We had a nice week for Sukkot in Yarok with mostly dry and sunny weather! Thank you to parents for bringing your children to school each day with coats, hats, and mittens/gloves in case they need them. I hope we get this lucky with our weather next week too!
Monday: We began the week with a pretend sukkah in our room and some new building tools- some ogobild balls and rods that can be made into lots of different configurations. The kids got right to work exploring them. First, they had to figure out how to insert the rods into the balls using trial/error and persistence, and then they had to figure out how to work together since there are lots more rods than balls.
Later in the morning, the kids began to help make some hanging fruit decorations and paper chains for our sukkah too.
In art we read a book about bears hibernating. We then colored our own bear and painted their cave.
Tuesday: Today’s new building materials were cups, and many kids spent the entire morning creating walls and pyramids with these great building tools. Lots of creativity going on in our room!
I began to take pictures of the kids acting out the different emotions we listed last week for our class book about feelings. See if you can guess what feeling they are expressing!
I introduced the letter Ee during our meeting, so Eli and Emmett got to shine today. The best part of our day was lunch and music in the sukkah. We were joined by Ms. Amber, Eli’s mom, Amanda, and Emmett’s mom, Rabbi Crimmings. It was great smelling and shaking the etrog and lulav while saying the blessings.
Wednesday: Today was a busy, wonderfully messy day in PreK! We began with an invitation to paint a still-life of a pumpkin, and their pictures turned out great.
Then, many kids chose to move on to making their own mini-sukkot with cardboard pieces. After painting, we needed time to let them dry, so the kids played around the room.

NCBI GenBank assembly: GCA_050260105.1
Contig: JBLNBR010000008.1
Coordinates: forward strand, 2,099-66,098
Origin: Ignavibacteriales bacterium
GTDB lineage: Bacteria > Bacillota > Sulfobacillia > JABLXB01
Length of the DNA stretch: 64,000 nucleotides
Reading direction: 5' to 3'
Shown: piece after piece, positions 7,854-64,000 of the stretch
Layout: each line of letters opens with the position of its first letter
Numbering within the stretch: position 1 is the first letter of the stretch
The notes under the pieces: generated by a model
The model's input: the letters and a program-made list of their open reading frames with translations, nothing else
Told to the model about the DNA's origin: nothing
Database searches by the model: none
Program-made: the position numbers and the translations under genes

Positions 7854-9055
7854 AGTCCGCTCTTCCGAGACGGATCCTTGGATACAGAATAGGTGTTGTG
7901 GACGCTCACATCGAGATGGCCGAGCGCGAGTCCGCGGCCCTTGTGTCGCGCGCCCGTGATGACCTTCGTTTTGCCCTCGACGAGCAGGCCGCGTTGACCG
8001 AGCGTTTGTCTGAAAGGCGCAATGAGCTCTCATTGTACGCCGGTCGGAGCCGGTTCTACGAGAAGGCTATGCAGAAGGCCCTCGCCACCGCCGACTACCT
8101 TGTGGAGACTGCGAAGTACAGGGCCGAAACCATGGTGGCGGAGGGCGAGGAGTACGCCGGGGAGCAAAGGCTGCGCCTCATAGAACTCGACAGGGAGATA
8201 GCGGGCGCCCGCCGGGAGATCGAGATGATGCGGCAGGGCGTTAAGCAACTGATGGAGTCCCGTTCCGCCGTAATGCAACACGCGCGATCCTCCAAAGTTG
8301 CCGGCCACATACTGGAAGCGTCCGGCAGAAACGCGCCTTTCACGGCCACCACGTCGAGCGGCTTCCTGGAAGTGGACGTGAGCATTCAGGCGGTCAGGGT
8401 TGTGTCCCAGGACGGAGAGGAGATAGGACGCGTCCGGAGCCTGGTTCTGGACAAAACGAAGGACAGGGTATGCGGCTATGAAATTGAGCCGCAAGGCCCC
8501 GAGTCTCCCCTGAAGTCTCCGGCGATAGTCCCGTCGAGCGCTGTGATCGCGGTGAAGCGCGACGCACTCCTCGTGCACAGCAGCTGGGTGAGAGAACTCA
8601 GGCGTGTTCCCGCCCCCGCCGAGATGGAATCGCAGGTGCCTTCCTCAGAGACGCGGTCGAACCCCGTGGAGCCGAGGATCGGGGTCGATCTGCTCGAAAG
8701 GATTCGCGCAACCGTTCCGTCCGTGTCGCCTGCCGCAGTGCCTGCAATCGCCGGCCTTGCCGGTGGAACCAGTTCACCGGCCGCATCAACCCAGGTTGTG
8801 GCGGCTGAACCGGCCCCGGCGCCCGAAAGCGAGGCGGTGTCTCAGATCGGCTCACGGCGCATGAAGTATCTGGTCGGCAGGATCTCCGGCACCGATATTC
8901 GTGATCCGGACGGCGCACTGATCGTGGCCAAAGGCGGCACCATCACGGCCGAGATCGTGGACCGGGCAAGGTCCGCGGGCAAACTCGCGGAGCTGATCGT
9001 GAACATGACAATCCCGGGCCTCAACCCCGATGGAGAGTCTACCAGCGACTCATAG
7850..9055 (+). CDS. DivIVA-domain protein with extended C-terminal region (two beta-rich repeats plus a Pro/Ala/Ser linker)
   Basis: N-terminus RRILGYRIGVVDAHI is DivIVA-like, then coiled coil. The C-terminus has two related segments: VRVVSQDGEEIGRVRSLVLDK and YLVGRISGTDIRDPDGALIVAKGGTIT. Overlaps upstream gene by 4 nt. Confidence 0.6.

This led to more cup building in the construction area. A few kids got the idea to make a trap for a monster with the cups. Maya handed out blueprint paper for the kids to plan their traps. Then, they set up the cups in various ways and then hid from the monster (I was never sure who the monster was!) to see if they could catch it.
Then, the cups became a part of an orange juice and lemonade stand, naturally. All the while, block building, matching games, and more puzzles were being used to build their young minds. These kids are always busy!
Thank goodness for more dry days, as we were able to get outside again for another great day of running on the playground.
Thursday: Today, the kids built with ogobild again and some finished their sukkot. The cups became a campfire today- I’m really loving the versatility of cups!
This week, we have begun using our Help Wanted chart in our class, in which each child can sign up for one job for the day. Jobs include being in charge of garbage pickup, sweeping, spraying tables with soapy water, straightening books, pushing in chairs, watering plants, feeding the fish, turning on and off our lights, and being the day’s helper. The kids helped me think of more jobs too, so that if we want to rotate a bit later in the year, we can. I’m hoping these jobs will help further create community and responsibility in our room.
Friday: This morning, I’ll ask the class if kids should use real tools. They will have the chance to both cut and pound a pumpkin. First, some followed some step-by-step instructions to fold, draw, and cut out a giant paper pumpkin. We will then use this pumpkin to do some addition and subtraction activities with pumpkins seeds. Also, the students took turns using a real hammer and screwdriver to pound some nails and screws into our real pumpkin.
A peek at next week: We will take down our sukkah, but build up a framed house so we can pretend to be house painters, electricians and plumbers all week. These are such important jobs. If you have any real-life (but clean) painters or plumbers tools, we would love to gently borrow them for the week as we act out our learning. We will talk about what makes a house a home and introduce the concept of peace in the home, shalom bayit.
L’hitraot, Ms. Amanda